(Solution Download) Forecasting Exchange Rates

1. Considering both Blades? current practices and future plans, how can it benefit from forecasting the baht-dollar exchange rate?
2. Which forecasting technique (i.e., technical, fundamental, or market-based) would be easiest to use in forecasting the future value of the baht? Why?
3. Blades is considering using either current spot rates or available forward rates to forecast the future value of the baht. Available forward rates currently exhibit a large discount. Do you think the spot or the forward rate will yield a better market-based forecast? Why?
4. The current 90-day forward rate for the baht is $.021. By what percentage is the baht expected to change over the next quarter according to a market-based forecast using the forward rate? What will be the value of the baht in 90 days according to this forecast?
5. Assume that the technical forecast has been more accurate than the market-based forecast in recent weeks. What does this indicate about market efficiency for the baht-dollar exchange rate? Do you think this means that technical analysis will always be superior to other forecasting techniques in the future? Why or why not?
6. What is the expected value of the percentage change in the value of the baht during the next quarter based on the fundamental forecast? What is the forecasted value of the baht using the expected value as the forecast? If the value of the baht 90 days from now turns out to be $.022, which forecasting technique is the most accurate? (Use the absolute forecast error as a percentage of the realized value to answer the last part of this question.)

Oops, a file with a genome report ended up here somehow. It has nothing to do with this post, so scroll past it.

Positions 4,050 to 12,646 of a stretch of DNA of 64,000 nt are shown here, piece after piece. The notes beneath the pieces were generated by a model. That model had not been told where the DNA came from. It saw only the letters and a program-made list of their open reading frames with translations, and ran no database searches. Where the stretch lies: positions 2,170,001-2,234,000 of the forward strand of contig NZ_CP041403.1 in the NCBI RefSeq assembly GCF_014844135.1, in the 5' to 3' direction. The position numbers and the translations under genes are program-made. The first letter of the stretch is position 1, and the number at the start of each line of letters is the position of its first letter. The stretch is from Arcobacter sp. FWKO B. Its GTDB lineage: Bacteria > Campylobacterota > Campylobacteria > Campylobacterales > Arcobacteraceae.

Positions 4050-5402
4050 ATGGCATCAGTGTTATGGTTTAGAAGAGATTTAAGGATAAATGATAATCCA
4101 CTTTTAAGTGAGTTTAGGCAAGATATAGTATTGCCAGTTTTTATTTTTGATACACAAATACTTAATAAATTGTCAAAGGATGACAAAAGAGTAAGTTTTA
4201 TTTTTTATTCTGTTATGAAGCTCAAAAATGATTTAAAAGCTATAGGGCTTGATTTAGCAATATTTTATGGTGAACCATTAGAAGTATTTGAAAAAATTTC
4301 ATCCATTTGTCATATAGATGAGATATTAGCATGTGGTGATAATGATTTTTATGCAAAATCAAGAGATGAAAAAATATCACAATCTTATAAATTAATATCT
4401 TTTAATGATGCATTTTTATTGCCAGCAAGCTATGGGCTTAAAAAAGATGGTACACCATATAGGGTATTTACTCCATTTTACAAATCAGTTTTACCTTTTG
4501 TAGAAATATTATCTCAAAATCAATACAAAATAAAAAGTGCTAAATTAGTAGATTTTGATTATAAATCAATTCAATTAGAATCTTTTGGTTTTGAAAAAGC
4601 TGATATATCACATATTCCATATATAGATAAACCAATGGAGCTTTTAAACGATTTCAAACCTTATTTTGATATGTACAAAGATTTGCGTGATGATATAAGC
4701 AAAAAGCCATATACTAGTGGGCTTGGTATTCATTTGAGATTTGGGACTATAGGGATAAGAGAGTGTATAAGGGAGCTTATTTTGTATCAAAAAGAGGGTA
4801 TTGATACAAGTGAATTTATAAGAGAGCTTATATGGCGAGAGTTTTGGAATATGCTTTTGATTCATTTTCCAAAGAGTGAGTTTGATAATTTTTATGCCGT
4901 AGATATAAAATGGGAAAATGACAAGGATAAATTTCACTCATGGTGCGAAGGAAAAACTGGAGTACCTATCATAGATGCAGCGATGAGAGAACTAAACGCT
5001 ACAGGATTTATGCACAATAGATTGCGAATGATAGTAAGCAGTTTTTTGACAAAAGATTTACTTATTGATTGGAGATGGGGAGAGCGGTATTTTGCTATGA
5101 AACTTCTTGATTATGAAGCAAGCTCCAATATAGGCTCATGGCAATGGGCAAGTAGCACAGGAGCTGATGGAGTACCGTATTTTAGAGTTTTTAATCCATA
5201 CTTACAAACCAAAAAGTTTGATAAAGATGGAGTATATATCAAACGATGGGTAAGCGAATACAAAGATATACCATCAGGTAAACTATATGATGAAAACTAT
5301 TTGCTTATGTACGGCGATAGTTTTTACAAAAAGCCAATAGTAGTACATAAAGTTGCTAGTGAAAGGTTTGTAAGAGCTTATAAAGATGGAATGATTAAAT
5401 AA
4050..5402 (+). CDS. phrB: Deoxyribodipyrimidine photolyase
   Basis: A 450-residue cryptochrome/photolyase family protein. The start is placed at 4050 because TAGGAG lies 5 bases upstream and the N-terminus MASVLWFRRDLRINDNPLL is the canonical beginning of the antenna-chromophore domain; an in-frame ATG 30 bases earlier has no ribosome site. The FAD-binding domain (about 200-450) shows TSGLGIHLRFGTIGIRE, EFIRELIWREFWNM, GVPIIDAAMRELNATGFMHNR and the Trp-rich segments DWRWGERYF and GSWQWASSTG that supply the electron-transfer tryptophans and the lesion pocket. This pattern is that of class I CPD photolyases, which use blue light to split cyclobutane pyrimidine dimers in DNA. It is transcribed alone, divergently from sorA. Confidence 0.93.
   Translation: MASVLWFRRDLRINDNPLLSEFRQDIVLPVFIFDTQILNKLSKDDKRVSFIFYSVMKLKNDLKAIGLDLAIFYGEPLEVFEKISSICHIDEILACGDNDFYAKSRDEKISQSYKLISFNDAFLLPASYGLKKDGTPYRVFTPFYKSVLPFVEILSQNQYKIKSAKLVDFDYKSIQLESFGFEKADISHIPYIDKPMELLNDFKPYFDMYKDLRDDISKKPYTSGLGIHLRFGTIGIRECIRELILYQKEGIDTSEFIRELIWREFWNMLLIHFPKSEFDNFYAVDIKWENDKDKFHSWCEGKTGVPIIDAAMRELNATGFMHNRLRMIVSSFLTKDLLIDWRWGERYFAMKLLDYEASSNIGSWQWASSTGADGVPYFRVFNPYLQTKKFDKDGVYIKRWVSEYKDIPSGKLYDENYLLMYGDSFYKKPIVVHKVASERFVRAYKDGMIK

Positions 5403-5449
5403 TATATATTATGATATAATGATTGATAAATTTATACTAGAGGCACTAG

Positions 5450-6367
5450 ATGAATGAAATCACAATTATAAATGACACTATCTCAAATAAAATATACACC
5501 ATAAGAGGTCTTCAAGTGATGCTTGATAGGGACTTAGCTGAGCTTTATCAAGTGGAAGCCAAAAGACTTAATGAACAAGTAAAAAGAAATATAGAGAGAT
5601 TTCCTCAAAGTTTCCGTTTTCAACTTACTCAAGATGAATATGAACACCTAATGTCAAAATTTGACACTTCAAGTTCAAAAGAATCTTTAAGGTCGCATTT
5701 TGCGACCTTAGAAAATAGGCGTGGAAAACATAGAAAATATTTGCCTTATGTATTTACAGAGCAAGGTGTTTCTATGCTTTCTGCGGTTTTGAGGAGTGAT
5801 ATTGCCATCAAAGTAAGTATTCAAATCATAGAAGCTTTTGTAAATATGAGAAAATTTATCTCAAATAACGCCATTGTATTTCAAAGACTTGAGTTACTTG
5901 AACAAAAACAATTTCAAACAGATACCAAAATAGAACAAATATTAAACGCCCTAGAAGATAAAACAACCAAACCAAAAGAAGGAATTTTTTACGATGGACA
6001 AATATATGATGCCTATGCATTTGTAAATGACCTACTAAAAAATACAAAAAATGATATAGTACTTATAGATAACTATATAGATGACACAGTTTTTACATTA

7. Do you think the technique you have identified in question 6 will always be the most accurate? Why or why not?











Recall that Blades, Inc., the U.S.-based manufacturer of roller blades, is currently both exporting to and importing from Thailand. Ben Holt, Blades? chief financial officer (CFO), and you, a financial analyst at Blades, Inc., are reasonably happy with Blades? current performance in Thailand. Entertainment Products, Inc., a Thai retailer for sporting goods, has committed itself to purchase a minimum number of Blades? ?Speedos? annually. The agreement will terminate after 3 years. Blades also imports certain components needed to manufacture its products from Thailand. Both Blades? imports and exports are denominated in Thai baht. Because of these arrangements, Blades generates approximately 10 percent of its revenue and 4 percent of its cost of goods sold in Thailand.




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